The one that recaptured the magic.

After almost a decade of subpar, inexpensive package films, Walt Disney Productions was genuinely on its last legs. While the series of anthology movies had kept the studio’s head slightly above water, Walt Disney knew the general public’s interest in these disappointing films was severely waning. With the studio’s bank debt pushing below $4 million, Walt also knew he had one final shot to rescue Disney from total collapse.

In a meeting with his financiers at Bank of America, Walt acknowledged the bank’s desire for tighter economic restrictions within the studio, but stressed a continuance of their refusal to finance feature-length animated films would surely see the studio’s demise. Walt begged for the chance to return to producing the feature films which had made the studio such a success in the 1930s. Thankfully, they finally relented. The long-awaited revival of Walt Disney Productions was finally beginning to take shape.

By late 1947, Walt already three feature-length animated productions in development; Peter Pan, Alice in Wonderland, and Cinderella. With only one shot to regain the public’s attention, Walt rationalised the studio’s return to feature-length animation needed to recapture the magic of Disney’s early heyday of Snow White and the Seven Dwarfs. As such, he deemed the only production worthy of such an opportunity was Cinderella, given it contained similar princess and fairy tale elements to Disney’s groundbreaking debut animated feature film.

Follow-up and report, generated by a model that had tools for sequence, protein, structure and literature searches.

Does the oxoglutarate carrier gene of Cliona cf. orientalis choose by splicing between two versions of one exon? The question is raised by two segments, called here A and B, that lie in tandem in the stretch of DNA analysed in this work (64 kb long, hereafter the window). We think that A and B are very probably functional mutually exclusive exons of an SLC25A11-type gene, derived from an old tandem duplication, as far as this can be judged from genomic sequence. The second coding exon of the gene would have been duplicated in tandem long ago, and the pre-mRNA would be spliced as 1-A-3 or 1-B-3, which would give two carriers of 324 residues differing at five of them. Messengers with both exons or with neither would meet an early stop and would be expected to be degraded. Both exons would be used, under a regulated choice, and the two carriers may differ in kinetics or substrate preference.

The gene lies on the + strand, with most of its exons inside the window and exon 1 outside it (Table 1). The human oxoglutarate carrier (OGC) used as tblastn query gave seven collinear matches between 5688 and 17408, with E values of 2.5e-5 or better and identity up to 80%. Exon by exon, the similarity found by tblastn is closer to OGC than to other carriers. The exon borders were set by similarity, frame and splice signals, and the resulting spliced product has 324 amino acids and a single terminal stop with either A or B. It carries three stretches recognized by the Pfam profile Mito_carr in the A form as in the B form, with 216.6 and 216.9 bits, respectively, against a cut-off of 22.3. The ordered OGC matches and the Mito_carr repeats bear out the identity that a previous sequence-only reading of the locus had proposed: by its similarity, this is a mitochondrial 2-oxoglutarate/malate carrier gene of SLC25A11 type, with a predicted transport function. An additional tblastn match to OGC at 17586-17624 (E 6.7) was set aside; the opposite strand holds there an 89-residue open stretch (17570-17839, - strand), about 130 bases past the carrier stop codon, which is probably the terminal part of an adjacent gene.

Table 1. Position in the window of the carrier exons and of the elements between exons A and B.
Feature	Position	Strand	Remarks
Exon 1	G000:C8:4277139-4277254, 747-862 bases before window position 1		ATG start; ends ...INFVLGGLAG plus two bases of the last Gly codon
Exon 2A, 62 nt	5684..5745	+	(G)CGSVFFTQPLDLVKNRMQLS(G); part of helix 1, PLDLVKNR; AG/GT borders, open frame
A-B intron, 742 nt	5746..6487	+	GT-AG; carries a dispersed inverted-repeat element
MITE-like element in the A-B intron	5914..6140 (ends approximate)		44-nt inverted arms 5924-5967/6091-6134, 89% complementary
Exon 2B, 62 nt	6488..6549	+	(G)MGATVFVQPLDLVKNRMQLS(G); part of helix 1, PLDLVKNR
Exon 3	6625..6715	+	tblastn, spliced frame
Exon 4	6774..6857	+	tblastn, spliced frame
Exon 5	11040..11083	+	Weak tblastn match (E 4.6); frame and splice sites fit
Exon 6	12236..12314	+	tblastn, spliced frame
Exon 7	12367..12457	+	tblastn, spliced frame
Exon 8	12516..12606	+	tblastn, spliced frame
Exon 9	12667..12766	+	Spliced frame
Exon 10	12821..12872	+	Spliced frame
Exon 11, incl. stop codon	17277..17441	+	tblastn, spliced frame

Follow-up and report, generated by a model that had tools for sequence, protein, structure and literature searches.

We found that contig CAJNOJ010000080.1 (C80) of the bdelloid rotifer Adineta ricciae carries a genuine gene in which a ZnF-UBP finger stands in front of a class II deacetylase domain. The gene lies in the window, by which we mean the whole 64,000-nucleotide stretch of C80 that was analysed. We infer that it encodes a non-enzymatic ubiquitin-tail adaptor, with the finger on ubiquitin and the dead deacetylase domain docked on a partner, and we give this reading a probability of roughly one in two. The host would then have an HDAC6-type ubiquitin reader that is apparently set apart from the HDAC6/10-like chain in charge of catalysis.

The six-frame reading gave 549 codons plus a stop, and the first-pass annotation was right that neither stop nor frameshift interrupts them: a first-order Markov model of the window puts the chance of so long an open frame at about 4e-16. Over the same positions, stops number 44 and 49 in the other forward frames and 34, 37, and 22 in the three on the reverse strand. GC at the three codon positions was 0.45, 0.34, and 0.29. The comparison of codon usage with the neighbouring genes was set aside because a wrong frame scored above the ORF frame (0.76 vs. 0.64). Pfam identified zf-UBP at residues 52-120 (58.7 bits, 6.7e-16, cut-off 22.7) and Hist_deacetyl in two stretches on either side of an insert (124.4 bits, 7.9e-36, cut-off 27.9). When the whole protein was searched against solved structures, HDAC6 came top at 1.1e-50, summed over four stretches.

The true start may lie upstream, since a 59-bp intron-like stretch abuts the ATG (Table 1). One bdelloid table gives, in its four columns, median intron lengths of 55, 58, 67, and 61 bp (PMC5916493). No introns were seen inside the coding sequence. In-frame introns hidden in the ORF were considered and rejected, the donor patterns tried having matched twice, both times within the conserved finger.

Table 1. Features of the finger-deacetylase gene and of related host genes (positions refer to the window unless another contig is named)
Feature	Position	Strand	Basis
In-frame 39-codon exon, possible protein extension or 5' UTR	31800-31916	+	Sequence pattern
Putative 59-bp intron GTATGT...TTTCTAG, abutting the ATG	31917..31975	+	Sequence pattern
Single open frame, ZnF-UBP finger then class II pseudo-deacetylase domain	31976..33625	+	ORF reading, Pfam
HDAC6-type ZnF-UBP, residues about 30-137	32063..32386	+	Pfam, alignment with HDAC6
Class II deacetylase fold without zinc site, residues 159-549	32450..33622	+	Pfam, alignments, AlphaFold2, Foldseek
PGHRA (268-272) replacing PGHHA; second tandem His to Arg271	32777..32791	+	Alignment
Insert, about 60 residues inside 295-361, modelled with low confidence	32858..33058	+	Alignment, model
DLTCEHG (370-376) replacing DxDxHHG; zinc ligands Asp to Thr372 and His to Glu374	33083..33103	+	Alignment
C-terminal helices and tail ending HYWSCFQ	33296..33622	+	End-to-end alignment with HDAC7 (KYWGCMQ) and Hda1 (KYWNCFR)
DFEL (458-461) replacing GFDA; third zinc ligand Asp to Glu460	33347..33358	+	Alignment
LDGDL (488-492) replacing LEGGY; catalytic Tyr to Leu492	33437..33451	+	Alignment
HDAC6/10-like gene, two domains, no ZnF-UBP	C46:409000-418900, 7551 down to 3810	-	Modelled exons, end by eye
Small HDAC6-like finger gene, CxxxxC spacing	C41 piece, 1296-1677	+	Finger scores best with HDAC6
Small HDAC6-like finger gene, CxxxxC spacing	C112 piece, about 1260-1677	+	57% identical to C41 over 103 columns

Walt also saw the potential in Alice in Wonderland, a colourful adaptation of Lewis Caroll’s beloved children’s book series, which was greenlit and placed into pre-production at the same time as Cinderella. Walt assigned his nine best animators, who later became known as “Disney’s Nine Old Men,” to work on Cinderella and oversee Alice in Wonderland, with the two films essentially battling it out to see who would finish first and take the release spot on the schedule.

By early 1948, production on Cinderella had progressed further than Alice in Wonderland, leading to Walt’s decision to confirm the former would take the coveted slot as Disney’s first feature-length animated film in eight years. Unlike past animated productions, the budget of Cinderella would be far tighter, with Walt desperate to keep production costs as low as possible to boost the film’s chances of turning a profit and resurrecting the entire animated feature film department.